Week 2 of the NFL season produced plenty of highlights and for the first time in a long time, every one of them was presented by Chris Berman and Tom Jackson.
NFL Primetime was a weekly staple in the fall on ESPN from 1987 to 2005 and it’s made the occasional special appearance in the years since, but from this past Sunday through the rest of the season, the band is back together in Bristol for the rebirth of the show on ESPN+. The show’s return was announced officially late last week, and for a certain segment of football fans (including myself) it was cause for celebration.
I grew up watching Boom and Teej, because in the years before Red Zone and Sunday Ticket (and Sunday Night Football), the way to see everything that happened in the NFL on Sunday was to tune in to Primetime. The world’s consumption habits have changed in terms of how they see highlights, and no longer are there only a few games available to you each week based on your market. By the time 7:30 p.m. ET has rolled around, you’ve probably seen the biggest plays of the day on social media and know every score and how they happened.
That’s not what the current iteration of NFL Primetime is about, though. It’s for those that have missed Berman and Jackson, the music we know so well, and, of course, all of the puns and nicknames, singing and sound effects. That’s why the show isn’t on ESPN proper, but on ESPN+. It’s available for you on demand whenever you’re able to carve out 45 minutes — or a few 15 minute breaks to come back to it — which might be the perfect set up for a highlight show in 2019. You can’t run Primetime on TV up against an actual football game, but having it available for those that want to fire it up at work on Monday or, like me, during halftime of the Sunday Night game, is perfect.
As for the content, it’s exactly what you want and expect from Primetime. Berman is still one of the best in the business at reading a highlight, even if sometimes he’s rumblin’, bumblin’, and stumblin’ over his words in his first week back at it. The music is perfect and belongs only on highlights that feature Boom’s voice. They played the hits, but showed some restraint — we’re still waiting for our first big “WHOOOOOOP”. The first highlight of the first show back was Kyler Murray against Lamar Jackson, which meant we opened the show with a “FROM?…Louisville!” Boomer might not have as much on his fastball anymore, but him dubbing Raheem Mostert, “Dijon,” got an audible laugh out of me. Tom is still the perfect foil for Berman’s bombast, delivering level-headed analysis and breakdowns of big plays.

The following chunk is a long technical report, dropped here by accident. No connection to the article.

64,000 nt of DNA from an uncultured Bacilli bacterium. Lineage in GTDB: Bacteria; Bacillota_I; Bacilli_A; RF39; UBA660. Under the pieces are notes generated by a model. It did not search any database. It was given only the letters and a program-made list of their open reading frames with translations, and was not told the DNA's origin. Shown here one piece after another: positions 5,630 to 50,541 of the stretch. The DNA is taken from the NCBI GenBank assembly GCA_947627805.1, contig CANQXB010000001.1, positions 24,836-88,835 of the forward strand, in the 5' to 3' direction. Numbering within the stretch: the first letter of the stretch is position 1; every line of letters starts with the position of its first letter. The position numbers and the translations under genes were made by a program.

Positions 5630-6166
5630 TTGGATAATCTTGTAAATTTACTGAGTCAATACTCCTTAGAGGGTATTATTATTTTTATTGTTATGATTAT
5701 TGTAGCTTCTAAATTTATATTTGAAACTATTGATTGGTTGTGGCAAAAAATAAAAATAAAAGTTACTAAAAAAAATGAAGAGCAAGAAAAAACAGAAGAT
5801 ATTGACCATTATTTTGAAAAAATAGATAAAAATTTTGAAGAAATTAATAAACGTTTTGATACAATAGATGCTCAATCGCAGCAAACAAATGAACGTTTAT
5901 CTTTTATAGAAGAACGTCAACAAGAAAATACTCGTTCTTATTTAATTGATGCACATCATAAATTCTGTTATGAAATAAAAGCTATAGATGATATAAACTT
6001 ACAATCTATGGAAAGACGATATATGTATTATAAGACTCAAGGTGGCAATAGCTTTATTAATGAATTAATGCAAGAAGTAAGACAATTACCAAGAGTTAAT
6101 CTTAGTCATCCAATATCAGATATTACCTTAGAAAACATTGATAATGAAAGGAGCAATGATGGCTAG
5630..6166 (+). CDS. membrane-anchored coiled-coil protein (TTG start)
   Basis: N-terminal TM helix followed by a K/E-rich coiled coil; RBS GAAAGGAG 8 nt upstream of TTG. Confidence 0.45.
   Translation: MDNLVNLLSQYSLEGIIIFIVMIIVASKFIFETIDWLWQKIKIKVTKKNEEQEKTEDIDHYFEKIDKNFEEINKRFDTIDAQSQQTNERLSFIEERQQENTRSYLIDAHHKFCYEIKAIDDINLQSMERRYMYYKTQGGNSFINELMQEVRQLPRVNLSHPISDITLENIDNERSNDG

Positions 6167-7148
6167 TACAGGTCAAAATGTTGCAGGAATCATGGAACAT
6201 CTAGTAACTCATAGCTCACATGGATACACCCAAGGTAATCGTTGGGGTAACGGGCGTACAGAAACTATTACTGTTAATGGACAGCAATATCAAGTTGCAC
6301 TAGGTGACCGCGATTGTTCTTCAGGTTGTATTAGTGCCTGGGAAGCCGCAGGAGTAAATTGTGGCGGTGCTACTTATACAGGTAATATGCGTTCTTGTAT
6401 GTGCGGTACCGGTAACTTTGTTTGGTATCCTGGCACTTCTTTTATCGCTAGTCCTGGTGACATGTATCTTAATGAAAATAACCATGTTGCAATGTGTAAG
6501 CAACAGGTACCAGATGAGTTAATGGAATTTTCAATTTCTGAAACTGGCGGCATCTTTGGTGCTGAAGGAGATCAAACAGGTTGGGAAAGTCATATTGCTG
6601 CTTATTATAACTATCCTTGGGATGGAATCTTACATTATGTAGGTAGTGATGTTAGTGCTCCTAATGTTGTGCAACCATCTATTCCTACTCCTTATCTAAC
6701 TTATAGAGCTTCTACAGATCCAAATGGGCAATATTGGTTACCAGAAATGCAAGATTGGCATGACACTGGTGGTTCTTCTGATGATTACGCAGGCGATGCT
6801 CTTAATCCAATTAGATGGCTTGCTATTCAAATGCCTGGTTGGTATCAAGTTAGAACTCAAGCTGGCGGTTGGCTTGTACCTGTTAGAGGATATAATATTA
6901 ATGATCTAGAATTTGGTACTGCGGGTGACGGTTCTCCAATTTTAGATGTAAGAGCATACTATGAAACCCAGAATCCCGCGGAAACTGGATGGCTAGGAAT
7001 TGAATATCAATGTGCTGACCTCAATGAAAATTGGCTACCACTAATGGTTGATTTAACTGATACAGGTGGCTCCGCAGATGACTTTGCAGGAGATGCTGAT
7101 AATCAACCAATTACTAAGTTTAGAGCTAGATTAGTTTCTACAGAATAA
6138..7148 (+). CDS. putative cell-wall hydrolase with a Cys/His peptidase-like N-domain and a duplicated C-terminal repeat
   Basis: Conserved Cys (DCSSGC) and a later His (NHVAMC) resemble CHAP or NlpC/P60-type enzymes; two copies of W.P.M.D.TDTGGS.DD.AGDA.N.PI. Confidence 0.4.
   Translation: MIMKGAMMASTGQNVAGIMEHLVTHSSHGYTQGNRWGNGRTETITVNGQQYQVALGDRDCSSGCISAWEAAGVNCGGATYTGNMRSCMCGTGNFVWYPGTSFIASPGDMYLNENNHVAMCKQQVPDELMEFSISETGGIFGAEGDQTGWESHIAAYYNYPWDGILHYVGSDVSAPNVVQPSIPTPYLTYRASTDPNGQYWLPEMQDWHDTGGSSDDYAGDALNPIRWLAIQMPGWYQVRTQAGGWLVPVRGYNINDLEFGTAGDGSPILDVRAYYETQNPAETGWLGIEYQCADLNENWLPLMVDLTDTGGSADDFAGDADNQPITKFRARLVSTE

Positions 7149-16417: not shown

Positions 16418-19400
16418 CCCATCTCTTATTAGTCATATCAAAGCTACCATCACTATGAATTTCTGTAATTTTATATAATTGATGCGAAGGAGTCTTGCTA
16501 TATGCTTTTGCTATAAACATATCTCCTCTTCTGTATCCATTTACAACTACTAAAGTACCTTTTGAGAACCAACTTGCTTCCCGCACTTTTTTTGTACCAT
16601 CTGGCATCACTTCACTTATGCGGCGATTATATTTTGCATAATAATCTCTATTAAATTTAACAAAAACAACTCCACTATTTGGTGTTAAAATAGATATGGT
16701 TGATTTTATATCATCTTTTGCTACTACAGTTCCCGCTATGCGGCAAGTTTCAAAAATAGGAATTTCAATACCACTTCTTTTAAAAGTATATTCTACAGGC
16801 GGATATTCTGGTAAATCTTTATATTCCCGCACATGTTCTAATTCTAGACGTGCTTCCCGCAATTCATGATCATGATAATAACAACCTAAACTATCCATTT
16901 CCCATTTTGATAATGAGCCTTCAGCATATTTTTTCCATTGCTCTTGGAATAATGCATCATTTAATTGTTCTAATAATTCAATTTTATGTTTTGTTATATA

It’s been 32 years since the premiere of Primetime. Plenty has changed over the years in the NFL and at ESPN that has made a weekly highlight show, on its own, a relic. But nostalgia is a helluva drug, and for this year, fans of a certain age will cherish the return of Primetime. We’ll watch highlights we’ve already seen, wanting to see how Chris and Tom will deliver them. We’ll laugh at old bits and new nicknames, and bask in what amounts to a victory lap for the best sports highlight show in history.